“You see an image, and it angers you, or it makes you mad. Or it inspires you. We are now equipped with the ability to tell our own story, because we have cameras now. One of the best quotes that I have ever heard was ‘The revolution will not be televised.’ And it won't be. We're telling our own story and we're doing it through pictures.”


After reviewing her protest photos, Southards’ husband noticed that she captured some unforgettable moments. Though her work was beautiful, she rejected the part of her that was an artist.

“I felt like, I'm a mom. I'm a career professional. I'm a wife. I'm an activist. These are the most important things,” she said. “Yes, I have this creativity, but I'm not going to do anything about it.”

After flipping through Instagram, she came upon a photo of her friend Ashley, covered but topless, fully without shame.

“Her attitude was, ‘If you don't like it, look away, but I love who I am.’ There was something about this woman owning everything about who she is that sparked something in me. I call it Revelation X because it was that true moment that I realized I am really stuck in my own way."

With her husband’s help, she took a photo of the word “empowered” on her bare back, put it in black and white, and then posted it on social media. She received a lot of positive feedback, and her friend Julie proposed using her space, the botanical beauty store Blissoma, for a shoot. After planning and promoting, they expected 10, maybe 12 women to show up.

Marissa Southards 
“There was a line. I ended up getting 52 women, girls and Trans women who were ready to reclaim themselves. Every woman chose a word that best reflected them, and it was not the label that society gave them,” says Southhards.

Thus, on October 29, 2016, The Awakenings Project was born in St. Louis, Missouri. The series was so powerful that Southards did it again. This past summer, she shot Awakenings II in Mattoon, IL, St. Louis, and Chicago, which included 101 participants. Awakenings III, which kicked off in Chicago this past weekend, has a wait list and will span multiple cities such as Louisville, Kentucky; Mobile, AL; St. Louis; Mattoon; and more.


Kujichagulia (Self-determination)
Using the body as a form of empowerment, protest, healing and reclamation has become a passion for Southards. This January, she planned an action during the St. Louis Women’s March when its leaders decided to silence women of color by disregarding their point of view, feelings and experiences.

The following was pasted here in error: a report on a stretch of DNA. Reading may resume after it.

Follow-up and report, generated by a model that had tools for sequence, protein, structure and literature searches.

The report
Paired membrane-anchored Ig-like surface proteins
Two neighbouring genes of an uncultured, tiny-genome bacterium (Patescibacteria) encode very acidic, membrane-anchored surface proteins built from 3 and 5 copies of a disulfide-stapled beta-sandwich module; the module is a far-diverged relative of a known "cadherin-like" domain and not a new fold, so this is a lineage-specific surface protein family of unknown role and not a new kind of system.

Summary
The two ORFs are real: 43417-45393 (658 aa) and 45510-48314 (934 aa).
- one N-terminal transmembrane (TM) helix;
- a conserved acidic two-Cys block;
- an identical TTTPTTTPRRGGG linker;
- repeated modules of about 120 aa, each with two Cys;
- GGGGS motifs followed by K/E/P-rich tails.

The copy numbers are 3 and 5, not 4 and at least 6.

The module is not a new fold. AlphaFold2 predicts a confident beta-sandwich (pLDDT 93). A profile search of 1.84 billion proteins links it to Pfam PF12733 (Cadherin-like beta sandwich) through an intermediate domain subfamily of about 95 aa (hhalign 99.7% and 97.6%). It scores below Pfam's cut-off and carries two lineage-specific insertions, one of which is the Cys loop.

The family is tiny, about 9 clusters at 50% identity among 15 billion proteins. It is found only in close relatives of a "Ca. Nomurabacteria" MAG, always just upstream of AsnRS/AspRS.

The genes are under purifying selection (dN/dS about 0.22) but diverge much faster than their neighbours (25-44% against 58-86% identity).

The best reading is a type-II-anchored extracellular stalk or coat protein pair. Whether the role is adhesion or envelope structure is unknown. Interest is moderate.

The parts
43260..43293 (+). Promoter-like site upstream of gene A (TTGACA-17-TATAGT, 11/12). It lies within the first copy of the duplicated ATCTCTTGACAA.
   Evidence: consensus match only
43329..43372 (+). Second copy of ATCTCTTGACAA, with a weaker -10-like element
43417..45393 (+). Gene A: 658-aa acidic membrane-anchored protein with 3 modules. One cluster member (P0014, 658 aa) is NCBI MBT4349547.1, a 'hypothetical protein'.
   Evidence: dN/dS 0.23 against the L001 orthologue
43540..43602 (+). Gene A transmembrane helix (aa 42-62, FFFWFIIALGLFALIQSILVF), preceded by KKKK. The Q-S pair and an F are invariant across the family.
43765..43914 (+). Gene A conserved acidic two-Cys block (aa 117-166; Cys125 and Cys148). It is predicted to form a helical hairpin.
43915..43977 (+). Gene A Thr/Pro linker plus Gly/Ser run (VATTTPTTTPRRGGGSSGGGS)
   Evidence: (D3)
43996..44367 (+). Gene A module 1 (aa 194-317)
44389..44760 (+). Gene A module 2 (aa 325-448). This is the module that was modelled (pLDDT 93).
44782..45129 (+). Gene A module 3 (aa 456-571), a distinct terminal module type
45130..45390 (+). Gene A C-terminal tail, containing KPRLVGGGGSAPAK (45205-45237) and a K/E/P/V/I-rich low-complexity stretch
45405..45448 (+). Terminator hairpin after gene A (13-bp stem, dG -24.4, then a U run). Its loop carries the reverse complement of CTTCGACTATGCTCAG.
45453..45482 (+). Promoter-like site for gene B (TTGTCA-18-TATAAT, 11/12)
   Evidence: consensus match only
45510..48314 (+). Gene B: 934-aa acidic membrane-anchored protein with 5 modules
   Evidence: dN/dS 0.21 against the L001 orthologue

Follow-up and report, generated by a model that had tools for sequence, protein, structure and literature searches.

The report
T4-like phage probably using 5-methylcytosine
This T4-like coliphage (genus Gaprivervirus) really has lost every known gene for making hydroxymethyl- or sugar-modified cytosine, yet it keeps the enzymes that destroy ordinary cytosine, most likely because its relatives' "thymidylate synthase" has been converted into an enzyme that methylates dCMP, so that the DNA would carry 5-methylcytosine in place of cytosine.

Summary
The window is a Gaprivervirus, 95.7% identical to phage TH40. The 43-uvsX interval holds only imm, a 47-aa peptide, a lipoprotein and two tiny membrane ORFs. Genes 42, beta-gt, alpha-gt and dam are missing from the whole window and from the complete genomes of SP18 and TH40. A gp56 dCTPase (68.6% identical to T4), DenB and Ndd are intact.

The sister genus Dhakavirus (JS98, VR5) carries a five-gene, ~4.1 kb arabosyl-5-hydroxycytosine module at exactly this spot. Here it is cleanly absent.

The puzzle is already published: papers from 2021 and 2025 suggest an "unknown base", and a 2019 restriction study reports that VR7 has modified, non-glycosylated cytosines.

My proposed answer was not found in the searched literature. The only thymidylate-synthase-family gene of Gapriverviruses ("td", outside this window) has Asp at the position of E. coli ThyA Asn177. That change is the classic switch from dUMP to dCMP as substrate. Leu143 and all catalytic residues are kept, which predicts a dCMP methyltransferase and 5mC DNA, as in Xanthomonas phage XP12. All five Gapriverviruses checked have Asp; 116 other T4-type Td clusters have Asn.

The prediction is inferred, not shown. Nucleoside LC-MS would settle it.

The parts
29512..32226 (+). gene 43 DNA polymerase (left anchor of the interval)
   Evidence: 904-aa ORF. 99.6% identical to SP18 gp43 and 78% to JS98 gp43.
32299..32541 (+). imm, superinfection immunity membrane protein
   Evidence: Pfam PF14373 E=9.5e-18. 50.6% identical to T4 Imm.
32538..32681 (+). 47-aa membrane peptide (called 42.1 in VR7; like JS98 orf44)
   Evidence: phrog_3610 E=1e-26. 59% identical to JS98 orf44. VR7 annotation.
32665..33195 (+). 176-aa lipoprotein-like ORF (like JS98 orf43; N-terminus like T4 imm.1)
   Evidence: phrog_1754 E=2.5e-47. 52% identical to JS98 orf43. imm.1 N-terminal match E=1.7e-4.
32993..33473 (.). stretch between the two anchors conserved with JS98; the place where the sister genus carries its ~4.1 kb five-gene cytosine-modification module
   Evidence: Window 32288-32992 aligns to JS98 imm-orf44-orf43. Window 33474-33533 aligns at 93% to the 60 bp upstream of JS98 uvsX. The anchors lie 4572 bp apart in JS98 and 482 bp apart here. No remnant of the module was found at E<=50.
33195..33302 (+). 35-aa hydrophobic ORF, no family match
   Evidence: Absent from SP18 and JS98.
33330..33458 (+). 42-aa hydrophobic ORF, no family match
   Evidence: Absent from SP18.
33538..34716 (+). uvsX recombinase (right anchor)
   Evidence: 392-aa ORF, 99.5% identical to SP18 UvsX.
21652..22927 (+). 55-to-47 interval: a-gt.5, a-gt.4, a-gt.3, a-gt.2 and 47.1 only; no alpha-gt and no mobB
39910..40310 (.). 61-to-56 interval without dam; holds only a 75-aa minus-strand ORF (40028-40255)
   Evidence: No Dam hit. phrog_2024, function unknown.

“For generations, white women's bodies have been put on a pedestal. They have been used to shame women of color. Specifically, if you don't fit this idea, if you don't look like me, we're going to shame you. We decided to take back the messaging of our own bodies,” Southhards explains.

During the march, seven women walked down Market Street with little to no clothing on, and messages written on them such as: 53% of white women voted for Trump; Black Women Matter; Black Trans Women Matter; Resist; and No Justice, No Peace. By the end of the march, the group had grown to about 42 women.

Women's March 2017
Kelly Morrison, one of the models for Awakenings II, also participated in Southards’ Women’s March action says,

“There is something really beautiful and empowering about stripping away the context of everyone's opinion of you and focusing on how you see yourself, and putting that word on your body for all to see."
When using the female body as a form of protest, Southards feels that it's important to focus on issues that impact all women.

“Body as canvas is not a form of protest utilized very often. There's a very human element to it, and it’s very risky," says Marissa. "You have to be very cautious about it. But because it is so visual, the impact is bold. There is no way to ignore it."

To keep up with activist and photographer Marissa Southards, follow her on Facebook  & Instagram

Do you think bodies used as canvas is a viable form of protest?
 Sharee Silerio is a St. Louis-based freelance writer, Film and TV writer-producer, and blogger. When she isn’t creating content for The Root or The St. Louis American, she enjoys watching drama/sci-fi/comedy movies and TV shows, writing faith and self-love posts, relaxing with a cup of chai tea, crafting chic DIY event décor, and traveling. Review her freelance portfolio at then connect with her on Facebook, Instagram and Twitter.
By Sharee Silerio

We often count the days, weeks and months since we lost the ones we love, but it always feels like it just happened yesterday.

Have you ever been through a storm and could feel the sun, just for the clouds and rain to swiftly cover its glory? Have you ever felt like you were just starting to “feel normal," then another crush to your heart brings you deeper into despair?